American Bar Association

29 October 2015

Paulette Brown

Paulette Brown, President of the American Bar Association (ABA), guest blogs for the Bar Council on diversity in the legal profession in the United States. Despite best efforts, racial and ethnic groups, sexual and gender minorities, and lawyers with disabilities continue to be vastly underrepresented. Read how the ABA is aiming to proactively rebuild the nation's confidence in the justice system.


As in England and Wales, the legal profession in the United States has become increasingly diverse, but women and lawyers of colour remain severely underrepresented. 

Since the mid-1980s, more than 40 percent of all law school graduates in the United States have been women and, more recently, individuals of people of colour has reached 25.5 percent.  Yet those numbers have not translated into a truly diversified profession. 

Despite our best efforts, racial and ethnic groups, sexual and gender minorities, and lawyers with disabilities continue to be vastly underrepresented in the legal profession.  A recent study revealed 88 percent of all lawyers in the United States are white. 

The lack of diversity has a wide-reaching impact. Reliable data also shows an increasing lack of public confidence in our nation's justice system. According to a recent Harvard University study, nearly half of young Americans - without regard to race, ethnicity or gender identity - believe the U.S. justice system has racial and ethnic biases.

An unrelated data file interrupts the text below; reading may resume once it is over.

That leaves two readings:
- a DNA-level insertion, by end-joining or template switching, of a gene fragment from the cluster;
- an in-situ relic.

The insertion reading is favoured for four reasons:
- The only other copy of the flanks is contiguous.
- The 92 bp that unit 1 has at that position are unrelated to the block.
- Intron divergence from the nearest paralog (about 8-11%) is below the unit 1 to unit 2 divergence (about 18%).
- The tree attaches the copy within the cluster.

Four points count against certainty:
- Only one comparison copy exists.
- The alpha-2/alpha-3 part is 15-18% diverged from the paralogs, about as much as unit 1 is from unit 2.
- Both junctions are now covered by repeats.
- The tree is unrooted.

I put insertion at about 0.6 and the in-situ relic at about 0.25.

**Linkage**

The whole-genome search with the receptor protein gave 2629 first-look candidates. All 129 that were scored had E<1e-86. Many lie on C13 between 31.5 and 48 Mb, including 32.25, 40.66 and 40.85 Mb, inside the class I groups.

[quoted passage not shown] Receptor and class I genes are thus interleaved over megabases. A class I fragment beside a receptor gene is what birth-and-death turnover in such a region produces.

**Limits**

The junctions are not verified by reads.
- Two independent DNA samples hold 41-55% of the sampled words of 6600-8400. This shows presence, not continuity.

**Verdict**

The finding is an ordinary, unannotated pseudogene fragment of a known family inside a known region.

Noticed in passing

As lawyers committed to the pursuit of justice, we have the power to change these perceptions. This year, the ABA will be proactive in rebuilding our nation's confidence in the justice system. By leveraging the power of the ABA's more than 400,000 members, we will promote full and equal diversity and inclusion in the legal profession and the justice system.  

Implicit bias - the subtle and not-so-subtle prejudices we all may unconsciously hold - can be an impediment to diversity and inclusion and to a fair justice system. The ABA will develop educational training materials for judges, prosecutors and public defenders to enhance their knowledge on the subject. 

Diversity and inclusion is important not just to offer individuals a foot in the door. It is also needed to give a wider range of people a seat at the table where they can contribute their unique talents and perspectives.  As Lord David Neuberger noted after the release of "Diversity in the Legal Profession in England and Wales: A Qualitative Study of Barriers and Individual Choices": "If we really want to increase diversity, the program has to be tackled throughout society, in our universities, schools and at home." 

Lawyers have historically been in the vanguard of the legal battles undertaken to ensure that democracy benefits everyone. And millions today enjoy the full rights once denied them based on their race, color, religion, sex, or national origin because of the decades of work done primarily by diverse lawyers. 

In the language of diversity and inclusion, we must be intentional in order to effectuate real and sustained change. We must abide by the words of Charles Hamilton Houston, the great legal mind and architect of the strategy that dismantled legal segregation in the United States, and become social engineers for justice.


Paulette Brown
President of the American Bar Association